How to Buy Mushrooms from the Spiceman
I stopped into the see the Spiceman the other day to pick up a dime bag. No, not that kind -- I assure you Mr. Spicer is a law-abiding, upstanding citizen. He just packages mushrooms meant for recreational consumption in a vaguely illicit manner. If you're new to the Spiceman's wares the dime bag is great way to get to know some of his product. You better act quickly though, I hear those chefs at Lark in the Park drop in and buy up his entire stock some days.
Mushrooms ... The cooking kind.
- Chad Houser Whips Up A Bangin' "Panzanella" For Farmers Market Demonstration
- Farmers Market Season Is Here
For 10 dollars I took home a paper bag filled with black trumpet mushrooms, fruity chanterelles and oyster mushrooms that reminded me of the ears on some woodland creature. I took home a bag of tender baby greens for another three bucks. It was all on the up-and-up I promise.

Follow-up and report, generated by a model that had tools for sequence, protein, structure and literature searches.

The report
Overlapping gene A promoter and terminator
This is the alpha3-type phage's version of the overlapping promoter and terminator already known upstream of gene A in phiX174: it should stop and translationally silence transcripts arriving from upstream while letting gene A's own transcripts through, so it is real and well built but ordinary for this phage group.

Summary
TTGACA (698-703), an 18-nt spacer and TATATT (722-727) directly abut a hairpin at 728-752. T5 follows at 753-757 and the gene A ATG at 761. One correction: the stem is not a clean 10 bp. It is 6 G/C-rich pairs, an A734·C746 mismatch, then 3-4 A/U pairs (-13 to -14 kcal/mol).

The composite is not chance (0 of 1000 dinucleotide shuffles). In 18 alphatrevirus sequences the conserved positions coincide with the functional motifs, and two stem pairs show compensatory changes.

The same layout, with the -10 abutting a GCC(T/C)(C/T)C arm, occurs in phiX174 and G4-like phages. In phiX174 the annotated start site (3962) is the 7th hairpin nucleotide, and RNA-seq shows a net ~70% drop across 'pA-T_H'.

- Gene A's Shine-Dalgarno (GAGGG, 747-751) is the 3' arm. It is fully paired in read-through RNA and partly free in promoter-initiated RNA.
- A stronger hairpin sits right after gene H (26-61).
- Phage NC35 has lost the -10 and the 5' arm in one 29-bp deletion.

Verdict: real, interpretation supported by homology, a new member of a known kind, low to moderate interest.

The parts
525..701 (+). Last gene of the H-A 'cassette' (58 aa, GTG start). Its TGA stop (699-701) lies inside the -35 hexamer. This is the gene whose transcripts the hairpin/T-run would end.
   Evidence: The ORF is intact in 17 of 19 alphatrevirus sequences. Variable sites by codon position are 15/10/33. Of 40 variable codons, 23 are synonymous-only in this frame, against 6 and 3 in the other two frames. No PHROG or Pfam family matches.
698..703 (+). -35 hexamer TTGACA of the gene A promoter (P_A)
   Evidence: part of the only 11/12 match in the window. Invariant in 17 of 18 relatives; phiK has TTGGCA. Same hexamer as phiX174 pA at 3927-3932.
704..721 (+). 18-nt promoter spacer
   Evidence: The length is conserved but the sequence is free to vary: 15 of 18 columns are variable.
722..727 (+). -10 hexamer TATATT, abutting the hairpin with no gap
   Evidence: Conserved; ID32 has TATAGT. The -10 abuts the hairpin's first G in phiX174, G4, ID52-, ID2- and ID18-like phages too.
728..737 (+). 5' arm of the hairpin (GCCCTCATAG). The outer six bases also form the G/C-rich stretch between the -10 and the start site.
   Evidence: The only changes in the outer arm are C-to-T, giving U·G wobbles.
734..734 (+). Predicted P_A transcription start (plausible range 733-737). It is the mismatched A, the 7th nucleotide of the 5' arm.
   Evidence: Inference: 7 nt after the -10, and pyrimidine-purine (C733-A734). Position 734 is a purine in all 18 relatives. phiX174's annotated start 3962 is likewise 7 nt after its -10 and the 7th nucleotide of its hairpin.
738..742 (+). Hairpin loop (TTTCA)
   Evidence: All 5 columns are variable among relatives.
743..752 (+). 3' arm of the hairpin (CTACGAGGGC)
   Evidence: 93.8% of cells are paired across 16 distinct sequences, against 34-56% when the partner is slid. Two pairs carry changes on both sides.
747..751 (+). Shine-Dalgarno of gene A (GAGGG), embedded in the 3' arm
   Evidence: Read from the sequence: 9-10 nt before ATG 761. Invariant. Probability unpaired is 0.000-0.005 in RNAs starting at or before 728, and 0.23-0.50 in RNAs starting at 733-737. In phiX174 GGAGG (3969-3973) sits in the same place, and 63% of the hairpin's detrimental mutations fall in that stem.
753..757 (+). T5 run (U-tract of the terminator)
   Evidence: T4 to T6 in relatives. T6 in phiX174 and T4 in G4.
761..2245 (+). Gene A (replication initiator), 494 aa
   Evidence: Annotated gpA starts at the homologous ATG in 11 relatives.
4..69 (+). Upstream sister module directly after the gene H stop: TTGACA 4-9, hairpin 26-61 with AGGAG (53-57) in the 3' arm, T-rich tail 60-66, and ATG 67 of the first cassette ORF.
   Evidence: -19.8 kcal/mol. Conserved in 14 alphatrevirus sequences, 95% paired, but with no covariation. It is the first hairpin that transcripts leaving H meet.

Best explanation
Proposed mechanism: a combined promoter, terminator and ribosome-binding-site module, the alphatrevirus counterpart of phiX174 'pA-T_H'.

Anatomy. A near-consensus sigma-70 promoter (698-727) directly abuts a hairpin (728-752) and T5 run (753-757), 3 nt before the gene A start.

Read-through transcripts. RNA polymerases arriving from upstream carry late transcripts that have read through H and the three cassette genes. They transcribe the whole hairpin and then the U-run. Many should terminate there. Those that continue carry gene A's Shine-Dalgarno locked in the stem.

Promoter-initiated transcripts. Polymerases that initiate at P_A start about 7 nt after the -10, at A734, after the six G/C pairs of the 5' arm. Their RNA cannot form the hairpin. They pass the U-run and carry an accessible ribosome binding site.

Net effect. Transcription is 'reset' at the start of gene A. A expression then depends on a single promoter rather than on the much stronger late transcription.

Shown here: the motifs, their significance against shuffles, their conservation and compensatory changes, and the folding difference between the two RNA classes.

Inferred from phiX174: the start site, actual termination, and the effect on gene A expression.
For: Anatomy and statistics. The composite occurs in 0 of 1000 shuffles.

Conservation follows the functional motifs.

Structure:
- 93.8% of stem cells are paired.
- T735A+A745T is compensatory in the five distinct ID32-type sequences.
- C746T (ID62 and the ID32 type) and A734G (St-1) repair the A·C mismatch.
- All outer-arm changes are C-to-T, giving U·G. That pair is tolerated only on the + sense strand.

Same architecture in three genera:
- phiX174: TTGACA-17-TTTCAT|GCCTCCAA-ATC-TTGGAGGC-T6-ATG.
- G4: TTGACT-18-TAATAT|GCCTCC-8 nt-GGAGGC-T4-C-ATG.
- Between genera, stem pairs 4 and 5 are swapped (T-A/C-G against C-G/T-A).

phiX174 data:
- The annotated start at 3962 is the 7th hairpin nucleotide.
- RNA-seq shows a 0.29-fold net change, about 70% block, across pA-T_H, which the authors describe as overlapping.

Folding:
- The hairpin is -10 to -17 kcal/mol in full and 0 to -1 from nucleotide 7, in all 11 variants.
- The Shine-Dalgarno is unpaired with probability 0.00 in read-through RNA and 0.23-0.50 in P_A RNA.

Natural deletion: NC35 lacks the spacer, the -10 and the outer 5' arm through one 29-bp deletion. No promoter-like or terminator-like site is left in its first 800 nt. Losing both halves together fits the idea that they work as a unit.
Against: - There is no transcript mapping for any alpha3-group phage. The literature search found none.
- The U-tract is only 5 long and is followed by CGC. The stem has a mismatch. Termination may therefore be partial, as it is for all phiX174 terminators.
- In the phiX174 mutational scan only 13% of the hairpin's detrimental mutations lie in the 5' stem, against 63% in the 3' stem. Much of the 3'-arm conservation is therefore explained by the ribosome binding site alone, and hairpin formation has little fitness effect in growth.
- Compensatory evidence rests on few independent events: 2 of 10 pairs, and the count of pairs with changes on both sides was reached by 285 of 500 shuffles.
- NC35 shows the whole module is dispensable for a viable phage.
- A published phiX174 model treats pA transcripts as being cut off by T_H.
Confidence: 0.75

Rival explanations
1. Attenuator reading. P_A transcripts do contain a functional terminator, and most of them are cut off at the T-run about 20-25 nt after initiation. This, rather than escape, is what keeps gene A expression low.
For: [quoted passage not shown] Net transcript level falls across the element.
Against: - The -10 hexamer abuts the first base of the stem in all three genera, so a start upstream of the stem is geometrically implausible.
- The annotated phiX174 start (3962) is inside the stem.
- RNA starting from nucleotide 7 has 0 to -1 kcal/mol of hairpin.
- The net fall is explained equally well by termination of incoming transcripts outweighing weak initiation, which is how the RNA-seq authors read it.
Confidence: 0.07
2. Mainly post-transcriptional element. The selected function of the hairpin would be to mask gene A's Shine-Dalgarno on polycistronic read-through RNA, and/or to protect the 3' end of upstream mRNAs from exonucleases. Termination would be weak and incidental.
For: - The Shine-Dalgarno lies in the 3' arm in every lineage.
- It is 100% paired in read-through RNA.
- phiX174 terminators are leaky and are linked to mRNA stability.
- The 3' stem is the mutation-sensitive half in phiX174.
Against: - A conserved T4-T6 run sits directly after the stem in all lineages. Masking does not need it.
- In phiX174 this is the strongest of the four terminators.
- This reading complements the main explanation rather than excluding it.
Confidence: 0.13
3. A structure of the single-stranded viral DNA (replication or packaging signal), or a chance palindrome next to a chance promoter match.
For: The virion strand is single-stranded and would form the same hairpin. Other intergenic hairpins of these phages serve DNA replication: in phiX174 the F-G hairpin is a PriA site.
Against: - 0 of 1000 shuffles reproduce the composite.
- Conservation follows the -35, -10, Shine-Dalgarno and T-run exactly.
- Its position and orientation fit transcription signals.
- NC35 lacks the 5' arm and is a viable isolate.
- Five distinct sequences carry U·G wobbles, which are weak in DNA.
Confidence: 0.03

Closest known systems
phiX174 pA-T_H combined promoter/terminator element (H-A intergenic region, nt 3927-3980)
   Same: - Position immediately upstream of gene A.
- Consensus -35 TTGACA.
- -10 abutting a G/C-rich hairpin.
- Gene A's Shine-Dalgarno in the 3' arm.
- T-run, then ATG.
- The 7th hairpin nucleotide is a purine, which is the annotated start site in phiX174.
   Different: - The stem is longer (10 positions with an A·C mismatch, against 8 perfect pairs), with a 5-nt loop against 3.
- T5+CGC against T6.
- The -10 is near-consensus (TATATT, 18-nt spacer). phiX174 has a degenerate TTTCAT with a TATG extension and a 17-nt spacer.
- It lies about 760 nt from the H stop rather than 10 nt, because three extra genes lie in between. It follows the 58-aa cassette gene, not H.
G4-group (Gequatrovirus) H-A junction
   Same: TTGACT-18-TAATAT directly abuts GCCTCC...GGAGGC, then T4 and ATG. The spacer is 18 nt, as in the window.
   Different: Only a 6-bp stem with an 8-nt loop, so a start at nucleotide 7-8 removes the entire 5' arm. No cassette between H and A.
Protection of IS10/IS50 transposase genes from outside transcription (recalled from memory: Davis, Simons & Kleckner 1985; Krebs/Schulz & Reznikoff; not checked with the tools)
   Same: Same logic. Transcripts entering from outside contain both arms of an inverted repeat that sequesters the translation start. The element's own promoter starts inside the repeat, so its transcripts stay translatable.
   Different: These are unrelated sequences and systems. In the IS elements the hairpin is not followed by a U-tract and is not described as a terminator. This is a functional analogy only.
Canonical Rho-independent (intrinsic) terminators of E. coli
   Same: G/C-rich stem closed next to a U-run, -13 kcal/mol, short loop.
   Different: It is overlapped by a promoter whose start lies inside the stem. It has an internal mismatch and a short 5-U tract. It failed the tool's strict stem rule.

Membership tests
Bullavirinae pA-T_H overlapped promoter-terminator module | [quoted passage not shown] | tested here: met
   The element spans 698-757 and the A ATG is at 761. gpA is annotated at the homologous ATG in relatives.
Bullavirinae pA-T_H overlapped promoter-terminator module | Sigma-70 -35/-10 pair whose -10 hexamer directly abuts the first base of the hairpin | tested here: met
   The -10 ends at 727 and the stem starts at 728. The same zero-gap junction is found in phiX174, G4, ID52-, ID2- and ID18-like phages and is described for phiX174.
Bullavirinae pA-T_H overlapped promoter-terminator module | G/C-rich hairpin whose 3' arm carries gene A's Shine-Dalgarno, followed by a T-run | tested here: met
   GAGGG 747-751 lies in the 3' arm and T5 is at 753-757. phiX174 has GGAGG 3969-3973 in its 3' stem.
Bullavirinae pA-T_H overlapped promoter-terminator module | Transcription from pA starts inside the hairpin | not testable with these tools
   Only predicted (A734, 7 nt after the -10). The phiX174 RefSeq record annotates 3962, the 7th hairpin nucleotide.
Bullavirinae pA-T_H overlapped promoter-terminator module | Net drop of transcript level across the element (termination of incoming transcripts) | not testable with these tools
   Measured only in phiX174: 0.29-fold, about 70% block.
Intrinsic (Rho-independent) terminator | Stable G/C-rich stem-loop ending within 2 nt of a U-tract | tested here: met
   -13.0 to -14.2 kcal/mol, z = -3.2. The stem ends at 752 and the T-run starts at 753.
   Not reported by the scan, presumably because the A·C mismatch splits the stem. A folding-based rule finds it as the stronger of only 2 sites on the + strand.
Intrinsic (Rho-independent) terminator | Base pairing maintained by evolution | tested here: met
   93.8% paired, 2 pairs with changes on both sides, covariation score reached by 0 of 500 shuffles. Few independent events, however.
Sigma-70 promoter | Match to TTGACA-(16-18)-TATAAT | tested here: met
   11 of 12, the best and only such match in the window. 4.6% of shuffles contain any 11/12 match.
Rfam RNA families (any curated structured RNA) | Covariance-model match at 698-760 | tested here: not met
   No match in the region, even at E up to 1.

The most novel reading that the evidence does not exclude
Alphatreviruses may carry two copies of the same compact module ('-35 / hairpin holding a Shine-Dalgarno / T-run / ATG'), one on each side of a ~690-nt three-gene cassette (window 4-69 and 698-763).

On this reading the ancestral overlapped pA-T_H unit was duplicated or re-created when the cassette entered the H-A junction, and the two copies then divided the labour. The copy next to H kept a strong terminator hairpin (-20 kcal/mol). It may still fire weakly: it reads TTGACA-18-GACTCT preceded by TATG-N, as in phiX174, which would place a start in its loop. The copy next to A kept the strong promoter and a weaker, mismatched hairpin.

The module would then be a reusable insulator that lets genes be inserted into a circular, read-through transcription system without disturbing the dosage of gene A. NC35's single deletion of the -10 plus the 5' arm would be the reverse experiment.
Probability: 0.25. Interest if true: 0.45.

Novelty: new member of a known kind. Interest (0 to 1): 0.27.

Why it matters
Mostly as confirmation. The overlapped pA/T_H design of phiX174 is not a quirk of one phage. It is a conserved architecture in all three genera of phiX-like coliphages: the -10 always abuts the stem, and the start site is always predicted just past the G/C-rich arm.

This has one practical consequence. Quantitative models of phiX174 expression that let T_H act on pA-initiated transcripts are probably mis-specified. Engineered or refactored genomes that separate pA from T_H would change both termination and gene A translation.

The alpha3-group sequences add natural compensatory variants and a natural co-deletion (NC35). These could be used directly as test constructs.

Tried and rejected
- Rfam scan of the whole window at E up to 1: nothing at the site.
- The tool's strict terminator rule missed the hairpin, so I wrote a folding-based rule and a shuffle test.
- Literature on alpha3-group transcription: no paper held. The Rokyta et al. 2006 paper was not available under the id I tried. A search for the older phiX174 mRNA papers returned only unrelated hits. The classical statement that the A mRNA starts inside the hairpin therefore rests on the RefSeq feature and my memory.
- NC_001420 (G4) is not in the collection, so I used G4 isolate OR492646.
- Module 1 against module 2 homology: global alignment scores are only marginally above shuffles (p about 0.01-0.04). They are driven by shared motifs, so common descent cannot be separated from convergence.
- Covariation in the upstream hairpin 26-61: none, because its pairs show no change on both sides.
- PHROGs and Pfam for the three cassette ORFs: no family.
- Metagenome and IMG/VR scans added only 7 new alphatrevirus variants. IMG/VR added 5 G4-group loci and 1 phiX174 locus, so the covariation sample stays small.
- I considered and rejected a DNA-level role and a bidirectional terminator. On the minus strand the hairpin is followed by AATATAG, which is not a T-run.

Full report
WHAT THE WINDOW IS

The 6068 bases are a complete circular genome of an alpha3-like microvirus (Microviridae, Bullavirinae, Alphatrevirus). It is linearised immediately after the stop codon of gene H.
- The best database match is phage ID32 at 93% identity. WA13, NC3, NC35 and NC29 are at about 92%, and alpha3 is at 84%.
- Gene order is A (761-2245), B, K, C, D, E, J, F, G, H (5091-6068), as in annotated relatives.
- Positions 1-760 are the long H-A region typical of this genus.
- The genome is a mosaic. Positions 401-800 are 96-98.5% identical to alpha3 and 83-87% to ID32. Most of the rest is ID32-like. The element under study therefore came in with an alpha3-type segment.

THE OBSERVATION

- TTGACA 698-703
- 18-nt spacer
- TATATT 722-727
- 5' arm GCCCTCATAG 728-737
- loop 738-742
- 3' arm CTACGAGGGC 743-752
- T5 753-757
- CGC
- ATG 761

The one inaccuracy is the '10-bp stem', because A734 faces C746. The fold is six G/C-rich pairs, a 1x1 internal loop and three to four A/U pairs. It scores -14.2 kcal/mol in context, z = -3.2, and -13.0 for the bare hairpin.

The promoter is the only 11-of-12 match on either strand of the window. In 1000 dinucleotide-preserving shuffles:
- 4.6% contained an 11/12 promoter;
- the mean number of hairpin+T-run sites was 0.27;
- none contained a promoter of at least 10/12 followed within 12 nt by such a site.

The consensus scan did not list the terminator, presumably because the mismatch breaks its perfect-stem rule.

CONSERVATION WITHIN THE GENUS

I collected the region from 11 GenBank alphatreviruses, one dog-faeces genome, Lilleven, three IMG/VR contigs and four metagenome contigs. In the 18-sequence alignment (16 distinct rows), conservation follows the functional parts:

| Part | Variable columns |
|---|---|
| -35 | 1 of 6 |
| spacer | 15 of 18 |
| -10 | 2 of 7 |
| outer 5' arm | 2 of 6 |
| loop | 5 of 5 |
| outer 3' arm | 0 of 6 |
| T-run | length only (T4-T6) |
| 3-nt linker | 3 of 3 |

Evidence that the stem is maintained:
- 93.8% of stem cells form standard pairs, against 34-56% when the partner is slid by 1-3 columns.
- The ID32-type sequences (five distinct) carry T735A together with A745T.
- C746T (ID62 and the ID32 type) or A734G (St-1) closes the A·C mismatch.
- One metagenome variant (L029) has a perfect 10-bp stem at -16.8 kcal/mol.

Back in my kitchen I could think of only one thing to do with my bounty. First I sautéed the mushrooms in olive oil with salt and pepper until they browned up a touch. They filled the room with a subtle but earthy aroma. From there I could have stirred them into risotto or even eaten them alone (I'll admit to pilfering one or two from the simmering pan) but instead I decided to follow Chad Houser's lead.
Two weeks ago the chef responsible for Café Momentum toasted hand-torn pieces of baguette in the earthy oil before tossing everything into a fresh salad dressed only in a simple vinaigrette. The result is a toothy salad that eats like a meal without any meat. The technique will likely remain in my repertoire well into spring.